By Clare Schinzel
In America, we love to hear a rags-to-riches story. Whether it's a famous actor starting out as a waitress, or an entrepreneur climbing the corporate ladder, nothing satisfies an American more than the meteoric rise of a striking individual. However, a leader doesn’t have to be sitting on a pile of wealth to strike a cord. Jane Goodall is a perfect example of a meteoric rise––not in wealth, but in intelligence and phenomenal expertise. She is not only a role model for women in STEM, but also for humanitarians, conservationists, and researchers alike as she valiantly represents that pursuing your dreams doesn’t always mean taking the conventional path.
Dr. Valerie Jane Morris-Goodall––otherwise known as Jane Goodall––was born in Bournemouth, England, on April 3, 1934. Along with her sister Judy, Goodall was raised in that region throughout her formative years. During this time, Goodall’s interest in animals blossomed. Beyond repetitive readings ranging from thick ecology textbooks to a plethora of sketches of birds and other small animals, Goodall also took care of a dog named Rusty, a tortoise, and even a pony. Her constant contact with wildlife left her longing for more. Wanting more exposure to exotic animals beyond England’s borders, Goodall yearned to explore Africa, where a majority of her later studies would take place.
Not having enough funds to attend college, Goodall chose to do secretarial work until she had enough money saved up for her dream voyage. By the time she was 23, Goodall was on her way to Africa to visit a friend whose family owned a farm in Nairobi, Kenya. While in Kenya, Goodall met Dr. Louis Seymour Bazett Leakey, a renowned paleoanthropologist. Sensing Goodall’s passion, he offered her a job at a national history museum before eventually giving her the opportunity she had been waiting for: employment at the Gombe Stream Game Reserve in Tanzania to study wild chimpanzees. Because she had not attended a traditional college, Leaky thought that she could bring a new perspective to the research. The duo briefly returned to England to secure funds and immerse themselves in current chimpanzee research. By 1960, they had been granted funding, acquired the necessary knowledge, and expanded upon their passions enough to return to Africa.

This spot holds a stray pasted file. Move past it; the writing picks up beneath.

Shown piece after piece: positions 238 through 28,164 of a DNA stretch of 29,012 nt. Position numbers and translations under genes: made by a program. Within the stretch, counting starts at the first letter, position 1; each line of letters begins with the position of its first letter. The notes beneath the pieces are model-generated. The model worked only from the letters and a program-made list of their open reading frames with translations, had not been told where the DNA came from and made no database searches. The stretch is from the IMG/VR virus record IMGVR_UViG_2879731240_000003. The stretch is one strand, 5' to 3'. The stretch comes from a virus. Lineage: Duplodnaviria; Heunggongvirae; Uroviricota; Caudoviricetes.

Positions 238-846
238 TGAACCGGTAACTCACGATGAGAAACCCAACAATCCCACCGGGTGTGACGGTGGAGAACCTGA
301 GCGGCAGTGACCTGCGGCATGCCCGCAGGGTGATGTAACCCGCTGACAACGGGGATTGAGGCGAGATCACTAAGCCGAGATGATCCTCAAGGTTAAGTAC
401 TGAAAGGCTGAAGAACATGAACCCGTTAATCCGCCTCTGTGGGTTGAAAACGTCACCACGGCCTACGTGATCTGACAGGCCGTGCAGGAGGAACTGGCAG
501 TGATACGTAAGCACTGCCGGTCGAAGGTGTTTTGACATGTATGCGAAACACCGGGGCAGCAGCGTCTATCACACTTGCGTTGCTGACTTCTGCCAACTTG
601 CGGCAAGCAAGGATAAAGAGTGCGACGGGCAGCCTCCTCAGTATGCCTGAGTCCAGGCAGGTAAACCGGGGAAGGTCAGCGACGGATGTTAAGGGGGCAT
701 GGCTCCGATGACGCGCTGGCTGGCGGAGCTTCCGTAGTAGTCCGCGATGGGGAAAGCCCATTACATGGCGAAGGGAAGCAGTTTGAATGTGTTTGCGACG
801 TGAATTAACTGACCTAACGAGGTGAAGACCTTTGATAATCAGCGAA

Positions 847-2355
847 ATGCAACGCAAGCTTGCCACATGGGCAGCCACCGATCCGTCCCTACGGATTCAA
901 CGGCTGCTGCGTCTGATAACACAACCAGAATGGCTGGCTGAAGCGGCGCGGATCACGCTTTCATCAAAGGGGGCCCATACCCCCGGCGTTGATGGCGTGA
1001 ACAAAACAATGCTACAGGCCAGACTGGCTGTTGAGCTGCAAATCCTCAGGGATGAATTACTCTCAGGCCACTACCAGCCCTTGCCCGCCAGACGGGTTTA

The initial days weren’t easy: trekking through miles of the jungle without laying an eye on any chimpanzees was degrading. Additionally, Goodall was bedridden for a portion of the journey while battling a dangerous case of malaria.
Eventually, Goodall did have a breakthrough. After many weeks of building trust, a high-ranking male chimpanzee called David Greybeard permitted Goodall to observe him, encouraging many other chimpanzees to follow his example. During one of these observation sessions, Goodall noticed David Greybeard utilize tools by using blades of stiff grass to draw out termites from termite holes. This groundbreaking discovery made scientists reevaluate the intelligence of chimpanzees, and apes as a whole. Goodall also noted that chimps were omnivores that could hunt for meat and were capable of both using and making their own tools.
But even beyond these discoveries was Goodall’s positive treatment of both animals and the environment. After attending a primatology conference in 1986 that highlighted deforestation and noticing its effects of it along Lake Tanganyika in the Gombe Stream National Park, Goodall partially shifted her focus to conservation. Doing what she could, Goodall set up refuges for chimps left homeless after research or deforestation. In 1977, she founded the Jane Goodall Institute and established the Roots and Shoots program by 1991 which focused on informing young people about the dangers of deforestation.
Throughout all of this, Goodall continued working in the field while pursuing a doctoral program with Dr. Leakey beginning in 1962––despite not having an undergraduate degree. Citing her own observations, Goodall’s views almost always clashed with head scientists at Cambridge University. They disapproved that she named the chimps rather than using a number system and shunned the idea that chimps could have feelings, emotions, and personalities. As the cherry on top of the conflict, the university world was deeply upset by her first book, My Friends, the Wild Chimpanzees, which focused on outreach to the general public rather than to the scientific community. Despite their grievances, Goodall obtained her Ph.D. on February 9, 1966, proving that the conventional path isn’t a definitive one, and that sometimes all scientists need is a new perspective to break boundaries.
Appleton, Sarah. “Jane Goodall.” National Geographic, 24 Oct. 2022,
The Editors of Encyclopedia Britannica. “Jane Goodall.” Encyclopædia Britannica,
britannica, 21 Sept. 2018, www.britannica.com/biography/Jane-Goodall.